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My previous postdoc supervisor submitted our work to a conference venue in December last year. He was the first author in this submission while I was the second author. It got accepted in March 2020. He did not inform me about this submission. The conference will be held next month; however, they already put this accepted paper online in IEEE Xplore last week. I get to know about this submission when I was searching for some of my papers online in the IEEE Xplore last week.

Now the problem is we have also submitted the same work in April 2020 to another conference (me as the first author, and he as a second author). He was fully aware of that submission, however, at that time, he did not inform me that the work is already accepted in another conference venue in March. Now I know that my work is accepted in one conference while it is in the review at another conference. So there is a clear plagiarism problem.

In this situation, when I informed him, after some argument, he now suggests withdrawing the paper in review with some excuse, and go with the accepted one.

Kindly suggest what should be done? Should I inform everything to both the venues and withdraw from both the places. Other options are to withdraw the accepted paper citing that it was submitted without my consent, or should I go with my supervisor's suggestions? I do not want to face any plagiarism related trouble.

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    This isn't plagiarism. But dual submission is not an acceptable practice and normally leads to rejection and other bad things. – Buffy Jun 14 at 19:24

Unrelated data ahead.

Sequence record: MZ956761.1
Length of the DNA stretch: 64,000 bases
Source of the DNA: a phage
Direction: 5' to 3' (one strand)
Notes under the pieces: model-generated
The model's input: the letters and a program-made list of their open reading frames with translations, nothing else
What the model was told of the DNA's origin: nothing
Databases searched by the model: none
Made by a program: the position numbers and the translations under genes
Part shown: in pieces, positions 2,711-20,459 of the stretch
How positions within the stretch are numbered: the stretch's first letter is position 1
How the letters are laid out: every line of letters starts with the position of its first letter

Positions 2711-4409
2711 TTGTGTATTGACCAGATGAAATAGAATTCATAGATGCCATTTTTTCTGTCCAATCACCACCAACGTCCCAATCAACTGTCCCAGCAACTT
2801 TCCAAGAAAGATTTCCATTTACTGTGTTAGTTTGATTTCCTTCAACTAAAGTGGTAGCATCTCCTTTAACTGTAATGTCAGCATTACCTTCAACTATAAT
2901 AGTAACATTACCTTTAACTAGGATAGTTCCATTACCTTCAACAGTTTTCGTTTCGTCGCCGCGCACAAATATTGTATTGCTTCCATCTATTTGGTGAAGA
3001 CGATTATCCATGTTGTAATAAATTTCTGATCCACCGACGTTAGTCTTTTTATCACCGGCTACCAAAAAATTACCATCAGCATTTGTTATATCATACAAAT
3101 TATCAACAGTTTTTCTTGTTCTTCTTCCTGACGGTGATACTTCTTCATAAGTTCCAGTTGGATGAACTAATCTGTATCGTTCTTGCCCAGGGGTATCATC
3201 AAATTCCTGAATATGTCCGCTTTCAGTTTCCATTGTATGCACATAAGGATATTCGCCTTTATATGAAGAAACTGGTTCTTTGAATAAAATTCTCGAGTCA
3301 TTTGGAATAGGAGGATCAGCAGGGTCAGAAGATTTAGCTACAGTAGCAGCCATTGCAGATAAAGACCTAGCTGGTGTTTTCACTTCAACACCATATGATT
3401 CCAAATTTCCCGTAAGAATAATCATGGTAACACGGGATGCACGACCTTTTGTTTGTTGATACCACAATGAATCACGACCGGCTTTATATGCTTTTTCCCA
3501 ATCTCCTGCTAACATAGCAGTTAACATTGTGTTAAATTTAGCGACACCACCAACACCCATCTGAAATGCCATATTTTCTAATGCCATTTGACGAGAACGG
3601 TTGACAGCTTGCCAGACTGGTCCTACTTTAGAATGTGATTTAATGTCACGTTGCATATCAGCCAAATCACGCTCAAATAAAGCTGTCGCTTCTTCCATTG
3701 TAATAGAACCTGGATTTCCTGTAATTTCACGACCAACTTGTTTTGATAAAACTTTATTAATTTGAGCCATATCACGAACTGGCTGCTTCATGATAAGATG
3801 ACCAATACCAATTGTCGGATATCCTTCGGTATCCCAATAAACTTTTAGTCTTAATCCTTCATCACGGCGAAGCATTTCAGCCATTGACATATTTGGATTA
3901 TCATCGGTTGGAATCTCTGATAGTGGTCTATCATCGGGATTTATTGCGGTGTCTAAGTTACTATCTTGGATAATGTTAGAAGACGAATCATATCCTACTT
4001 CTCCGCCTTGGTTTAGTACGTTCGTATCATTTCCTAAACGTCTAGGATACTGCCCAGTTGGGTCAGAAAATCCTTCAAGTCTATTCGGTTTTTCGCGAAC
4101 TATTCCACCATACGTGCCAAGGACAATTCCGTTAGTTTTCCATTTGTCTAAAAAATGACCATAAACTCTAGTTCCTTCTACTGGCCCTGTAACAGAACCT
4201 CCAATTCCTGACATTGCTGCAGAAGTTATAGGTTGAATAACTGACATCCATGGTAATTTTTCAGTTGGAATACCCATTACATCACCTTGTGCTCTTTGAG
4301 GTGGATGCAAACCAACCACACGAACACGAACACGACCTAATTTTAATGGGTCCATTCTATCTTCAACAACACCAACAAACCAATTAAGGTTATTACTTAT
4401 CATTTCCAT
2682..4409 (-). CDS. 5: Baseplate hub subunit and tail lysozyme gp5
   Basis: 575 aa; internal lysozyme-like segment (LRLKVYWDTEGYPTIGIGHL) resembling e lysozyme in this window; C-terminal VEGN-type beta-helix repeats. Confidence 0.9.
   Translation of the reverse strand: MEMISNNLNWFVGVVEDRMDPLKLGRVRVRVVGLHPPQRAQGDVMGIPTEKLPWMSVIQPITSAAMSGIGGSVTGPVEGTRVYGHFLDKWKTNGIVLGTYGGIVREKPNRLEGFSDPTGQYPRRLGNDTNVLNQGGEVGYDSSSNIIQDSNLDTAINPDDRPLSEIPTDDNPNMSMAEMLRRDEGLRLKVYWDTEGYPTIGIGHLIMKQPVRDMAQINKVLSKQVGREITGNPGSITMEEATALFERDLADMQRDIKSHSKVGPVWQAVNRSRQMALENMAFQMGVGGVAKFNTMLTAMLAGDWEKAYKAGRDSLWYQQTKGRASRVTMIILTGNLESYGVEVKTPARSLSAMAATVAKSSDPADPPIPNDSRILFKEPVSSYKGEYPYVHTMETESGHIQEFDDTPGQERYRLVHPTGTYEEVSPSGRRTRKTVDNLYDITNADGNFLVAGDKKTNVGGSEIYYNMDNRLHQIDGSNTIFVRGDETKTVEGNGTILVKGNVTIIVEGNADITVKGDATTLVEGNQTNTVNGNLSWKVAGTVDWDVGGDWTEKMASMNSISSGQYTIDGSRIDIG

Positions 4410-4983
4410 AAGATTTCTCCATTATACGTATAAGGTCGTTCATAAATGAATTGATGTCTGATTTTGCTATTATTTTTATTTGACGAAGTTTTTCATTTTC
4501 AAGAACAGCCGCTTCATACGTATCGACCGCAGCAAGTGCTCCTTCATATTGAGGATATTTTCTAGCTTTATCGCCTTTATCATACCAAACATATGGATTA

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    Your first step is to improve communication between you two. – Solar Mike Jun 14 at 19:48
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    And the second step is to withdraw one of them. Quickly, before it is noticed. – Buffy Jun 14 at 20:20
  • Thank you very much for your suggestions. – user125325 Jun 15 at 15:42
  • Are we talking about publication in conference proceedings? I don't think they are that important in comparison to proper journals. I am not sure people put too much weights on conference proceedings. But that is just my 2 cents. – stackoverblown Jun 16 at 18:15
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I cannot really judge any behaviour but a couple of things popped out for me:

  1. Your advisor submitted an article without letting you know
  2. He put his name as first author
  3. He is now suggesting to keep the one with his name as first author and withdraw the one with your name as first author

I personally would write a letter informing the first conference that the submission was without your consent and ask for their policy. I would then write a second letter to the second conference informing them that the same article was submitted without your consent to another conference and attach the first letter. I would also write a third letter to your advisor with a copy of the first two letters.

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    As a bit of warning: it is a pretty serious accusation to say work was submitted without your consent. While your suggestions follow what happened, they set up a major conflict. Approaching it this way would be a substantial bridge burning. I worry this answer makes it sound like no big deal. – Bryan Krause Jun 15 at 16:47
  • I agree with you, but I think that the bridge was already burned (assuming this is what happened) when the work was submitted without consent and the authors order switched. But yes, I did not mean to make it sound as no big deal. – user Jun 16 at 17:28
  • Thank you, everyone, for your suggestions. I withdrew the paper that was under review. – user125325 Jun 20 at 4:45
  • I hope you are happy with the outcome – user Jun 22 at 13:20

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